The DVD of Elektra was released on April 5, 2005. It featured several deleted scenes, including one featuring Ben Affleck reprising his role from Elektra's predecessor, Daredevil (2003). It was released on VHS on May 2005.

Director's cut[edit]

An extended and slightly refined two-disc unrated director's cut DVD was released in October 2005, featuring a cut detailed for home video release. Unlike the Daredevil director's cut which added about thirty minutes of material not in the original theatrical release, this version added only about three minutes of footage. It was also criticized for poor video transfer.[7]

A Blu-ray of Elektra was released on October 19, 2009 for the United Kingdom (and France) only. The US version was released on May 4, 2010. It contains only the unrated director's cut of the film.

Soundtrack[edit]

Elektra: The Album
Soundtrack album by
Various artists
ReleasedJanuary 11, 2005
GenreAlternative rock
LabelWind-up
ProducerVarious producers
Marvel Comics film series soundtrack chronology
Blade: Trinity – Original Motion Picture Soundtrack
(2004)
Elektra: The Album
(2005)
Man-Thing: Original Motion Picture Soundtrack
(2005)
Professional ratings
Review scores
SourceRating
AllMusic2/5 stars[26]

Elektra: The Album was released in 2005 by Wind-up Records. As with many Wind-up soundtracks, almost none of the songs featured on the album were actually used in the film. "Sooner or Later" is played briefly in one scene and a remix not included on this album of "Hollow" is also played. The end credits feature "Wonder", "Photograph", and "Thousand Mile Wish (Elektra Mix)": but other than this, none of the songs on the album were used in the actual motion picture. A score album was released by Varèse Sarabande containing selections of Christophe Beck's original music from the film.[27]

No.TitleArtistLength
1."Never There (She Stabs)"Strata3:44
2."Hey Kids"Jet2:58
3."Everyone is Wrong"The Donnas3:28
4."Sooner or Later"Switchfoot4:09
5."Thousand Mile Wish (Elektra Mix)"Finger Eleven4:00
6."Wonder"Megan McCauley3:53
7."Your Own Disaster"Taking Back Sunday5:42
8."Breathe No More"Evanescence3:48
9."Photograph"12 Stones3:58
10."Save Me"Alter Bridge3:27
11."Beautiful"The Dreaming3:03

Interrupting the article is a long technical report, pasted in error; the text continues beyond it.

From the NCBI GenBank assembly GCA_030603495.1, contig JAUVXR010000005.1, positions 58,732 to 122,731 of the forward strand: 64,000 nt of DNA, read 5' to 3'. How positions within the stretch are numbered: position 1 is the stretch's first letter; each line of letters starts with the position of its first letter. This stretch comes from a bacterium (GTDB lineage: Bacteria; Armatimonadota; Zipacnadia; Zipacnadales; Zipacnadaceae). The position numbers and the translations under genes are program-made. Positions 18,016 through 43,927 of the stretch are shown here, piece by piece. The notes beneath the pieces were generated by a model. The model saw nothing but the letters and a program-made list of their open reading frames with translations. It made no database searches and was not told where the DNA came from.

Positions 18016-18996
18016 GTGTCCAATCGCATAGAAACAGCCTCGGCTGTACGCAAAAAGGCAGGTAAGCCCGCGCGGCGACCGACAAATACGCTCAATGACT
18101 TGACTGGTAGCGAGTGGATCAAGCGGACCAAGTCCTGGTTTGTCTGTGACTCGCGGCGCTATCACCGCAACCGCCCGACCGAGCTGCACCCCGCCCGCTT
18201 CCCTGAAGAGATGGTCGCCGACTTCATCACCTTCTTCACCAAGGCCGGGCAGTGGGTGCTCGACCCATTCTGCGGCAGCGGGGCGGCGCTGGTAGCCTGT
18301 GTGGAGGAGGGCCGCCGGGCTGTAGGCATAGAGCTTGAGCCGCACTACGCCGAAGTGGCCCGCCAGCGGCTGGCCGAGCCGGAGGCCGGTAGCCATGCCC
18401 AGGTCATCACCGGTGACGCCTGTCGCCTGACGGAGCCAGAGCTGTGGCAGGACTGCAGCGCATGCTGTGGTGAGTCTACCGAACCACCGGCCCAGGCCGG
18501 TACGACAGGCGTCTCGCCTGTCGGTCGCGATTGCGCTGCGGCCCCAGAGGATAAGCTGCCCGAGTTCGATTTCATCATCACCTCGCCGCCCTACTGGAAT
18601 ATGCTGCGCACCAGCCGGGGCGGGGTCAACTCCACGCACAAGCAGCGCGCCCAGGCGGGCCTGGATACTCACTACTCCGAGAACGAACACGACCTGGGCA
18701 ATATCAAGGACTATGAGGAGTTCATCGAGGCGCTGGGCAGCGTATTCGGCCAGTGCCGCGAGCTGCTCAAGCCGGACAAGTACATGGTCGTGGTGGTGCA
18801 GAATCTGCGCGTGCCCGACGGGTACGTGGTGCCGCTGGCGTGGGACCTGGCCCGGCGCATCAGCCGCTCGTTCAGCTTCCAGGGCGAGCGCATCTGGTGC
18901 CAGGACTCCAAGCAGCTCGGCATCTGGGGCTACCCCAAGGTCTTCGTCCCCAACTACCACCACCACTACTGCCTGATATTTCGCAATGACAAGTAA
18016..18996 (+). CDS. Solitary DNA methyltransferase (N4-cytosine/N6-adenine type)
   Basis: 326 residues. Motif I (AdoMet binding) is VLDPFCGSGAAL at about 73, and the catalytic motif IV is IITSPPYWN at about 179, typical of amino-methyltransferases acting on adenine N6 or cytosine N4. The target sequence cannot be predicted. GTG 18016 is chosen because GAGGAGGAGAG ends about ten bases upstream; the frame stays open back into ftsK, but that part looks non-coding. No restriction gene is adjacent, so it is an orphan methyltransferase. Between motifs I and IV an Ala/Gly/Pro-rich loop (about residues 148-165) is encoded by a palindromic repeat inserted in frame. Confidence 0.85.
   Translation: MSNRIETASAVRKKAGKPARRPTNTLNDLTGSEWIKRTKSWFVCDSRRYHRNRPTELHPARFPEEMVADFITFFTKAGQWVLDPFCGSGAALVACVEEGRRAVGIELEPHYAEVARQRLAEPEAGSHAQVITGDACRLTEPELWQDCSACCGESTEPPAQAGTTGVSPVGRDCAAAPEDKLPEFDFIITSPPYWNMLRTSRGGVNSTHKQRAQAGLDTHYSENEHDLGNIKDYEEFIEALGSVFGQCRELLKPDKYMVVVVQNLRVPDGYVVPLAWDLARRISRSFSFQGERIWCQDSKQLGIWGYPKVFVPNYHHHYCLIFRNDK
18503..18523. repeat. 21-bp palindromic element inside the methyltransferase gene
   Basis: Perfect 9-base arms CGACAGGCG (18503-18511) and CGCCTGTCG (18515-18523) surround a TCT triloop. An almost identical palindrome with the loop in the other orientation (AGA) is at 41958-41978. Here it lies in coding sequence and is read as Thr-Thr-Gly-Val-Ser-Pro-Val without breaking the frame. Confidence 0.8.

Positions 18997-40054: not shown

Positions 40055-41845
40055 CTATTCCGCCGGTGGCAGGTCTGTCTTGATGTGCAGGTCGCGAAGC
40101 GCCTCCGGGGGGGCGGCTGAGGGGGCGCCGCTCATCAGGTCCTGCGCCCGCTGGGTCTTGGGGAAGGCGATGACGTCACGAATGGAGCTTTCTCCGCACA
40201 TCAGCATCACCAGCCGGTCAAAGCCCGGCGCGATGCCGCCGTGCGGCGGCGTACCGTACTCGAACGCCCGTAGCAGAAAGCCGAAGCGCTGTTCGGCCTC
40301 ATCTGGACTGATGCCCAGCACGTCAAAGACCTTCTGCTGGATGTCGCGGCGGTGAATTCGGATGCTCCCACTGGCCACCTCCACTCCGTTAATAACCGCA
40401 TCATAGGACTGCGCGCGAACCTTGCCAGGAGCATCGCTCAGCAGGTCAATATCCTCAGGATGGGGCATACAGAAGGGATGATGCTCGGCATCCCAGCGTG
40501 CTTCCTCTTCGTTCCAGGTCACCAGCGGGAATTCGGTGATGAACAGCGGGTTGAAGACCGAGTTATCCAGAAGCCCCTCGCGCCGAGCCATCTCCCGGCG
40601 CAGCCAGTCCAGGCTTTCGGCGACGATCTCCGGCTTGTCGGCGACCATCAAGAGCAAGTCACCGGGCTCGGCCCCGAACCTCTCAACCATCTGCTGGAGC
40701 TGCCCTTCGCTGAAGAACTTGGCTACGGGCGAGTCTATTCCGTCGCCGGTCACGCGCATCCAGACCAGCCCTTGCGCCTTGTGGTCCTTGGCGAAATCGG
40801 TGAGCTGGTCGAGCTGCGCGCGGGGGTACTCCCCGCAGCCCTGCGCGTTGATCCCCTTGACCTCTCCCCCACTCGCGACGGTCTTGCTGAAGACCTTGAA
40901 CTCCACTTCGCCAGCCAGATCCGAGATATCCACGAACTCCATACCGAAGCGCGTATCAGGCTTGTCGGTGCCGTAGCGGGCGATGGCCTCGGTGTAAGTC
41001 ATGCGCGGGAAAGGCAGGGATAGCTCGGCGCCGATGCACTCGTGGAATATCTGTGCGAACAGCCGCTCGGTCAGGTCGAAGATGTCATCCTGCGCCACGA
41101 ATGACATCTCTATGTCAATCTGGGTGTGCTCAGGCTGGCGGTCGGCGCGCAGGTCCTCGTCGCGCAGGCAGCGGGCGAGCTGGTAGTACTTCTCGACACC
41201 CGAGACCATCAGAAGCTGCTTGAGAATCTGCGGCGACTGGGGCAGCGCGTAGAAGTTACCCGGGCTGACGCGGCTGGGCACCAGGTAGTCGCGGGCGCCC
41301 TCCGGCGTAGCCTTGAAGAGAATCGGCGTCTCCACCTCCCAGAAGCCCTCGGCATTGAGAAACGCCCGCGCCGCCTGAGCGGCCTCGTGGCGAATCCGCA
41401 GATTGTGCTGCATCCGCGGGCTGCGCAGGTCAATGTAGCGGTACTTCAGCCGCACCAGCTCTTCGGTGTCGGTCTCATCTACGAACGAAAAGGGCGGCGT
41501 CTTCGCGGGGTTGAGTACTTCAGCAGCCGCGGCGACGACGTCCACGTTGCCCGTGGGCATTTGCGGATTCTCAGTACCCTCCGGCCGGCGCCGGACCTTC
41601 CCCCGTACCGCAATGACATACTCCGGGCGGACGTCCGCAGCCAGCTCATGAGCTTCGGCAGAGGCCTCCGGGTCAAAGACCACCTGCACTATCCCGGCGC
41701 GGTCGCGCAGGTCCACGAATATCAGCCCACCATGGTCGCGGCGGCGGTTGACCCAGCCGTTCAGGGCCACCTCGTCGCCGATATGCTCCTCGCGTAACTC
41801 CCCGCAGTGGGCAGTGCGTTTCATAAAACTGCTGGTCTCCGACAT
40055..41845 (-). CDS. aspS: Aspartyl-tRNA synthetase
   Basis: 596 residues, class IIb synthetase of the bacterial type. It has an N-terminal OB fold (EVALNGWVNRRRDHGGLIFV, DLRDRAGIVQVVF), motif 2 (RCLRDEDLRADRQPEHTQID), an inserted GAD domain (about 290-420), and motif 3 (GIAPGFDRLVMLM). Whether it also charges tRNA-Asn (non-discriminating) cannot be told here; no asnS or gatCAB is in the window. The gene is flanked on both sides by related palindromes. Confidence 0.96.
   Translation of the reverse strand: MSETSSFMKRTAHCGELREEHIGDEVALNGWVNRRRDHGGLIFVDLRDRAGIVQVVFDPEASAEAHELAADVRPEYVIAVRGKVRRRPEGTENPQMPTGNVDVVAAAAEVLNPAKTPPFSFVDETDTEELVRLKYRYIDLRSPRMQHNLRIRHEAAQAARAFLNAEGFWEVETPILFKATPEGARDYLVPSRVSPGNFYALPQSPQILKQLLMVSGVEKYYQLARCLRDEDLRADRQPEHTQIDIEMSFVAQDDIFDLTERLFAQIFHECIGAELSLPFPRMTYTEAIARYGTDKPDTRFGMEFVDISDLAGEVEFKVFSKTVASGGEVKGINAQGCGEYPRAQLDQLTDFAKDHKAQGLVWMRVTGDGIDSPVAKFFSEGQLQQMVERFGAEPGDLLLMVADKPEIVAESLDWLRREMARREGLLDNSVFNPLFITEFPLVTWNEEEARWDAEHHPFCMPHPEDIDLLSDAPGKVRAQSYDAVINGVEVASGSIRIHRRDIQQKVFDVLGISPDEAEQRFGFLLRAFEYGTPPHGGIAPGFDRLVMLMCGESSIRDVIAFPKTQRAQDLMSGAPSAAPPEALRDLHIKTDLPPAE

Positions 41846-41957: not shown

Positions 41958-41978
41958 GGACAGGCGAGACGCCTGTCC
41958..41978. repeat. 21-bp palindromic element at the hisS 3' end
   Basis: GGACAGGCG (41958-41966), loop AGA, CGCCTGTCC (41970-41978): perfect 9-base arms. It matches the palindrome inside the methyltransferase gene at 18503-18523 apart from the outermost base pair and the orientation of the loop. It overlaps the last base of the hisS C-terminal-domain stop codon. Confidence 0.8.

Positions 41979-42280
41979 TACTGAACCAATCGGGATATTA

12."Hollow"Submersed4:04
13."Angels With Even Filthier Souls"Hawthorne Heights2:55
14."5 Years"The Twenty Twos3:52
15."In the Light"Full Blown Rose4:13

Video game[edit]

Elektra was also supposed to have a video game based on the movie with support from the comics. The game was never released, as publishers felt it would not be popular enough. A game based on the film that was released for mobile.[28]

References[edit]

  1. ^ "ELEKTRA (12A)". British Board of Film Classification. January 7, 2005. Retrieved January 1, 2016.
  2. ^ a b c d "Elektra (2005)". Box Office Mojo.
  3. ^ "Elektra (2005) - Financial Information". The Numbers. Retrieved April 1, 2019.
  4. ^ Keck, William (April 15, 2004). "For '13' rollout, 'cute' sums it up". USA Today. Retrieved January 8, 2013.
  5. ^ "Never Mind 'Suicide Squad,' Here Are the Worst 20 Superhero Movies Ever (According to Critics)". Retrieved 2016-10-02.
  6. ^ "Elektra Boogaloo. Jason Isaacs joins Marvel adaptation". 18 Jun 2004.
  7. ^ a b Peter Schorn (October 18, 2005). "IGN: Electra (Unrated Director's Cut) Review". Elektra. Archived from the original on 2005-10-21.
  8. ^ a b Head, Steve (October 31, 2005). "Interview: Rob Bowman". IGN. Retrieved April 1, 2019.
  9. ^ "Jennifer Garner deemed 'Elektra' awful". San Francisco Chronicle. January 27, 2005.
  10. ^ "Elektra (2005) - Weekend Box Office Results". Box Office Mojo. Retrieved 2008-08-31.
  11. ^ "Marvel Comics movies". Box Office Mojo.
  12. ^ "Elektra". Rotten Tomatoes. Retrieved April 2, 2019.
  13. ^ "Elektra (2005)". Metacritic. Retrieved April 2, 2019.
  14. ^ "Cinemascore". CinemaScore. Archived from the original on 2018-12-20.
  15. ^ Ebert, Roger. "Elektra Movie Review & Film Summary (2005)". Rogerebert.com. Retrieved April 1, 2019.
  16. ^ O'Hara, Helen (January 1, 2000). "Elektra". Empireonline.com. Retrieved April 1, 2019.
  17. ^ Lowry, Brian (January 12, 2005). "Elektra". Variety.com. Retrieved April 1, 2019.
  18. ^ Puig, Claudia (January 13, 2005). "'Elektra' is a fight to the finish". USA Today. Retrieved August 1, 2010.
  19. ^ Rosenbaum, Jonathan. "Elektra". Chicago Reader. Retrieved April 1, 2019.
  20. ^ Azzopardi, Chris. "Jennifer Garner Talks Emotional Reaction to 'Love, Simon,' Her Drag Queen Hairstylist and the Lesbian Role She Almost Had". Pridesource.com. Retrieved April 1, 2019.
  21. ^ "The Teen Choice Awards". FOX. Archived from the original on January 8, 2006.
  22. ^ Mendelson, Scott. "Ben Affleck Survived 'Daredevil,' But Jennifer Garner Never Recovered From 'Elektra'". Forbes.com. Retrieved April 1, 2019.
  23. ^ "Marvel CEO Doesn't Believe in Female Superheroes - Women and Hollywood". Web.archive.org. May 5, 2015. Retrieved April 1, 2019.
  24. ^ "Marvel CEO: Female Superhero Movies Have Been a 'Disaster'". Time.com. Retrieved April 1, 2019.
  25. ^ Trendacosta, Katharine. "The Elektra Movie Is Somehow So Much Worse Than You Remember". Io9.gizmodo.com. Retrieved April 1, 2019.
  26. ^ "Elektra - The Album [Music from the Motion Picture] - Original Soundtrack". AllMusic.
  27. ^ "Elektra - Varèse Sarabande". Varesesarabande.com.
  28. ^ Avery Score (June 3, 2005). "Elektra Review. Unless you're a fan of the Elektra continuum, there's no reason to choose this game over similar and superior offerings". GameSpot .

External links[edit]